With Natwest, you'll receive an interest-free overdraft of up to £2,000 (£500 in your first term), and the choice of a special offer, including:
- Tastecard (where you can eat out and get 50% off food or 2 for 1 meals. You can also save on entertainment, including the cinema. The card is valid for 4 years and requires a smartphone)
- Amazon Prime Membership or
- National Express Coachcard.
At Barclays, you can apply for an overdraft of up to £500 (fee-free) when you open your account and you can increase it to up to £3,000 in your third year (subject to status and lending criteria).
You can also get cashback from participating online and high-street stores.
Lloyds offer a fee-free tiered arranged overdraft of up to £1,500 in Years 1 to 3 and up to £2,000 in years 4 to 6.
As long as you stay in credit, you won't have to pay any monthly fees.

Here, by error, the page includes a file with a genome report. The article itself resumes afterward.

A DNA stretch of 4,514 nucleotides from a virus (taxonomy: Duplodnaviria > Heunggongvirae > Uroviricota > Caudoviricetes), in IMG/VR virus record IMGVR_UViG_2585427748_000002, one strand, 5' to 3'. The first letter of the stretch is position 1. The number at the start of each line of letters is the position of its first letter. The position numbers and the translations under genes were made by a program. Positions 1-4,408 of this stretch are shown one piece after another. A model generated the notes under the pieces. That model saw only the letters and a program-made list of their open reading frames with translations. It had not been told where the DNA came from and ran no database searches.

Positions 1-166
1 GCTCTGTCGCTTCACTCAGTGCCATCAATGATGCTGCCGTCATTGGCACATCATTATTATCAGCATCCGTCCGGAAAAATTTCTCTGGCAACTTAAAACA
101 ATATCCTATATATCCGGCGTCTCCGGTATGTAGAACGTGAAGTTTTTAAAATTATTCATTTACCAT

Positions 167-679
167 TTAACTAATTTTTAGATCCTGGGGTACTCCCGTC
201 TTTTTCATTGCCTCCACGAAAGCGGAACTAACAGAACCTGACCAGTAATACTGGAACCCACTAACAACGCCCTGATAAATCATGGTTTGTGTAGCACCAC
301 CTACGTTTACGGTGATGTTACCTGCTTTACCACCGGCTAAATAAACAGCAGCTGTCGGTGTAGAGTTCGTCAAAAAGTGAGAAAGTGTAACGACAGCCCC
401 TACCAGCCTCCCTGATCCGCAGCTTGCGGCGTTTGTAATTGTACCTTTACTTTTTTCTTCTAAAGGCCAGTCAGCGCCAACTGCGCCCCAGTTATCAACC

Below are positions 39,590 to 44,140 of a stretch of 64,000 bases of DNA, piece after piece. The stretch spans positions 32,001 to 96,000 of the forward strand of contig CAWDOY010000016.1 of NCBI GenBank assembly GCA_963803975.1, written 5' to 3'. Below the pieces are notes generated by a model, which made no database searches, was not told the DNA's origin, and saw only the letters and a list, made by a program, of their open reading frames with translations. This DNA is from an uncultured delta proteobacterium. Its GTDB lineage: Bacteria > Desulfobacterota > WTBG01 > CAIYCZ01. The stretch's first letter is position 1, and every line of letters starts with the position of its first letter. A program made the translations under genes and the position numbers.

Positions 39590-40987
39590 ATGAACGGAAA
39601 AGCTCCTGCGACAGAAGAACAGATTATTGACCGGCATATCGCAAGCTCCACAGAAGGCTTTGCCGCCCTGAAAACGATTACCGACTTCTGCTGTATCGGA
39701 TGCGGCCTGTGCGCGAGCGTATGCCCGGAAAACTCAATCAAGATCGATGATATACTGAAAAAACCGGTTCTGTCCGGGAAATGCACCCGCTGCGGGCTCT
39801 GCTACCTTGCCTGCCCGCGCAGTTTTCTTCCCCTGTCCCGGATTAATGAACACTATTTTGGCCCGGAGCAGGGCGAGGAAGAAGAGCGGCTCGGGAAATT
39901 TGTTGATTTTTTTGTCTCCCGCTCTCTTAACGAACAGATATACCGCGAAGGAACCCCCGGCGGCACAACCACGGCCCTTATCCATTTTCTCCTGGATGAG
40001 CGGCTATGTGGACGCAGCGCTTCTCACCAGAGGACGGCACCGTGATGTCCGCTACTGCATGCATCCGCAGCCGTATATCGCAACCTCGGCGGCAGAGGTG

RBS offer an interest-free overdraft of up to £2,000 (£500 in your first term).
Halifax offer a fee-free arranged overdraft up to £1,500 for the length of your course, plus an extra year after you graduate, up to a maximum of 6 years.
You'll also get cashback when you spend once registered for Online Banking and you've activated Cashback Extras, as well as credit interest on any credit balance 0.10% AER (0.10% gross) variable.
Any interest is paid monthly and there are no fees for maintaining the account.
With TSB you will receive 5% AER .89% gross variable interest on balances up to £500, paid by the 10th working day of each month
They also offer an interest and fee-free tiered arranged overdraft (subject to application and approval) of up to £1,500 (starting with £500 for the first six months).
You can then apply to increase it to £1,000 in months seven to nine and from month ten up to £1,500.
You'll be given the opportunity to apply for a Student Credit Card too. But remember - the balance will still need to be paid at the end of each month!
For more help and advice on getting through Freshers' Week, please see: